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Open-File Report 2014–1180

Decision Analysis of Mitigation and Remediation of Sedimentation Within Large Wetland Systems—A Case Study Using Agassiz National Wildlife Refuge

By Max Post van der Burg, Karen E. Jenni, Timothy L. Nieman, Josh D. Eash and Gregory A. Knutsen

Thumbnail of and link to report PDF (815 kB)Abstract

Sedimentation has been identified as an important stressor across a range of wetland systems. The U.S. Fish and Wildlife Service has the responsibility of maintaining wetlands within its National Wildlife Refuge System for use by migratory waterbirds and other wildlife. Many of these wetlands could be negatively affected by accelerated rates of sedimentation, especially those located in agricultural parts of the landscape. In this report we document the results of a decision analysis project designed to help U.S. Fish and Wildlife Service staff at the Agassiz National Wildlife Refuge (herein referred to as the Refuge) determine a strategy for managing and mitigating the negative effects of sediment loading within Refuge wetlands. The Refuge’s largest wetland, Agassiz Pool, has accumulated so much sediment that it has become dominated by hybrid cattail (Typha × glauca), and the ability of the staff to control water levels in the Agassiz Pool has been substantially reduced. This project consisted of a workshop with Refuge staff, local and regional stakeholders, and several technical and scientific experts. At the workshop we established Refuge management and stakeholder objectives, a range of possible management strategies, and assessed the consequences of those strategies. After deliberating a range of actions, the staff chose to consider the following three strategies: (1) an inexpensive strategy, which largely focused on using outreach to reduce external sediment inputs to the Refuge; (2) the most expensive option, which built on the first option and relied on additional infrastructure changes to the Refuge to increase management capacity; and (3) a strategy that was less expensive than strategy 2 and relied mostly on existing infrastructure to improve management capacity. Despite the fact that our assessments were qualitative, Refuge staff decided they had enough information to select the third strategy. Following our qualitative assessment, we discussed additional considerations and uncertainties that might affect implementation of this strategy.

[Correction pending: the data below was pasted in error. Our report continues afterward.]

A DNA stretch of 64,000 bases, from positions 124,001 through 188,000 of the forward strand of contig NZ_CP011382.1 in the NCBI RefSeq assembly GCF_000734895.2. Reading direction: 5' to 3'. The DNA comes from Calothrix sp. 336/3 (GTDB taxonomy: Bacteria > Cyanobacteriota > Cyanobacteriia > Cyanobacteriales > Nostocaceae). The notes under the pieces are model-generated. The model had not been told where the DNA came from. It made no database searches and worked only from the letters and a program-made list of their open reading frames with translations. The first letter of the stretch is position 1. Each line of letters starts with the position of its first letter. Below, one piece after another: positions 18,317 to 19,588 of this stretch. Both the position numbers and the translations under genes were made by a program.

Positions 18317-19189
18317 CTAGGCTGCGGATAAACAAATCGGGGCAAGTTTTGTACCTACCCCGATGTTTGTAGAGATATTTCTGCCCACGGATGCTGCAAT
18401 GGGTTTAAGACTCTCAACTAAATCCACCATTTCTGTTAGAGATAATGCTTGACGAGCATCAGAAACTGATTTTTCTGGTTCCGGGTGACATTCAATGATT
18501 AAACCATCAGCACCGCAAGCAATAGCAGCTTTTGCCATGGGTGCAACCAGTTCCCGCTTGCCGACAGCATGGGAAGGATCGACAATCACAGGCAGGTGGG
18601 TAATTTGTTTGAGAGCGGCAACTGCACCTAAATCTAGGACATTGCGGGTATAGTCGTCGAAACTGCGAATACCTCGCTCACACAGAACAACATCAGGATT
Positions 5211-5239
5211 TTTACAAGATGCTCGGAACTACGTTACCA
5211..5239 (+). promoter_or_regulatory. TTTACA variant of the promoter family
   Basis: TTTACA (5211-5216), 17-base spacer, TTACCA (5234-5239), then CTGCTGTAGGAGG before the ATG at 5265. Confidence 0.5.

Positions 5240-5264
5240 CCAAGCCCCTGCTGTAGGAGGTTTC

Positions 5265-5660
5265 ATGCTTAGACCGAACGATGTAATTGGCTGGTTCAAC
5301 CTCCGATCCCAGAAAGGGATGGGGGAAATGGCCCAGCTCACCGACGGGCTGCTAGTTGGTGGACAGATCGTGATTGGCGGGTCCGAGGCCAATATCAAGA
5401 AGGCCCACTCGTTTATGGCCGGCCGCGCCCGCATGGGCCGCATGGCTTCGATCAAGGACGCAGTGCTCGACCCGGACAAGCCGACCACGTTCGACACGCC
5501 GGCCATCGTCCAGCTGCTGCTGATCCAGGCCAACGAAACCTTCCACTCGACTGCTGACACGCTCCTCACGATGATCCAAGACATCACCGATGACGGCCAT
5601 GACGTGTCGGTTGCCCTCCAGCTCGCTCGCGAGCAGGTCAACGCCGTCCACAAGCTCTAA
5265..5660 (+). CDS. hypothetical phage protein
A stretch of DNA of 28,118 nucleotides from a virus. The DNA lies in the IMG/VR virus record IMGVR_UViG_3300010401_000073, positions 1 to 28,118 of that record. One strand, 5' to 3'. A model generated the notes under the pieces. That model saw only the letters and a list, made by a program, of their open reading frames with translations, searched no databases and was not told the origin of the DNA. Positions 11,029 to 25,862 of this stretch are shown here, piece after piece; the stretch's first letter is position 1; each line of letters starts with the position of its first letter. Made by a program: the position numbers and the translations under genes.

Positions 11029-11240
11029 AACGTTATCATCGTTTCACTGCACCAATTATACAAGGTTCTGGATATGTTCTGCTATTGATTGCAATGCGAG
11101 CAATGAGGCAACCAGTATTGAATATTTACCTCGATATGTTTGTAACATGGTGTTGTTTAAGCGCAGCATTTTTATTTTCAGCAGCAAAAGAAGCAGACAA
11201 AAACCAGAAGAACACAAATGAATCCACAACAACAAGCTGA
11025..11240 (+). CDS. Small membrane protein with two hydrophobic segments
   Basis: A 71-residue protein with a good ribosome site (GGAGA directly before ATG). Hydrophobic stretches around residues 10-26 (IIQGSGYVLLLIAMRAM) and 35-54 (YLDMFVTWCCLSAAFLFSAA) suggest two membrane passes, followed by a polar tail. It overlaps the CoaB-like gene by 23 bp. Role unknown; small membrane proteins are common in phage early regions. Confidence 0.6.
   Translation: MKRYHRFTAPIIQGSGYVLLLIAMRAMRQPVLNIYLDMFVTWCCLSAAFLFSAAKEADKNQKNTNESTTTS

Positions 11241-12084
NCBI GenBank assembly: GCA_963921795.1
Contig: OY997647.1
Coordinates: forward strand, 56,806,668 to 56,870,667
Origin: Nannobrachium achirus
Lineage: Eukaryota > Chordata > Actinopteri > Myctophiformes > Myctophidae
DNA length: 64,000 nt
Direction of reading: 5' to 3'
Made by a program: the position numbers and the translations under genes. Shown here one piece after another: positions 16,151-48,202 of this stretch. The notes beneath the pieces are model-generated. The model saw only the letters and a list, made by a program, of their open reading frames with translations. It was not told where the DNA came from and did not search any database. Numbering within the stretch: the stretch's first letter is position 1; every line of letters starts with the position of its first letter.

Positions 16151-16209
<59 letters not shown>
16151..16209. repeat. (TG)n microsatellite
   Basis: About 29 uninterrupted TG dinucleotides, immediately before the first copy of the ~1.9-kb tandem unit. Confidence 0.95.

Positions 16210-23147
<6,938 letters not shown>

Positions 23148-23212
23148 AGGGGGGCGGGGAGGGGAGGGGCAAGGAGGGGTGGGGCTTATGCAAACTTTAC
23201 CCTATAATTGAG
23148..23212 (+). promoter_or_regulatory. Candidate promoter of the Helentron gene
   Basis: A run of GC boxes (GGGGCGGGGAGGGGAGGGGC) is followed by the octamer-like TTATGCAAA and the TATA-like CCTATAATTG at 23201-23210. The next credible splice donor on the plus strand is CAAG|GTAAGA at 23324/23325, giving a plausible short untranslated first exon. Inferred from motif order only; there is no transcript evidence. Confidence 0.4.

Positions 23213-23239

First posted September 12, 2014

For additional information contact:
Director, Northern Prairie Wildlife Research Center
U.S. Geological Survey
8711 37th Street Southeast
Jamestown, North Dakota 58401
http://www.npwrc.usgs.gov/

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Suggested citation:

Post van der Burg, Max, Jenni, K.E., Nieman, T.L., Eash, J.D., and Knutsen, G.A., 2014, Decision analysis of mitigation and remediation of sedimentation within large wetland systems—A case study using Agassiz National Wildlife Refuge: U.S. Geological Survey Open-File Report 2014–1180, 24 p., https://dx.doi.org/10.3133/ofr20141180.

ISSN 2331–1258 (online)



Contents

Abstract

Introduction

Case Study—Agassiz National Wildlife Refuge

Decision Framing

Objectives

Alternative Actions and Strategies

Consequences Assessment

Selection of Preferred Alternative

References Cited

Appendix I. Qualitative Consequences Table


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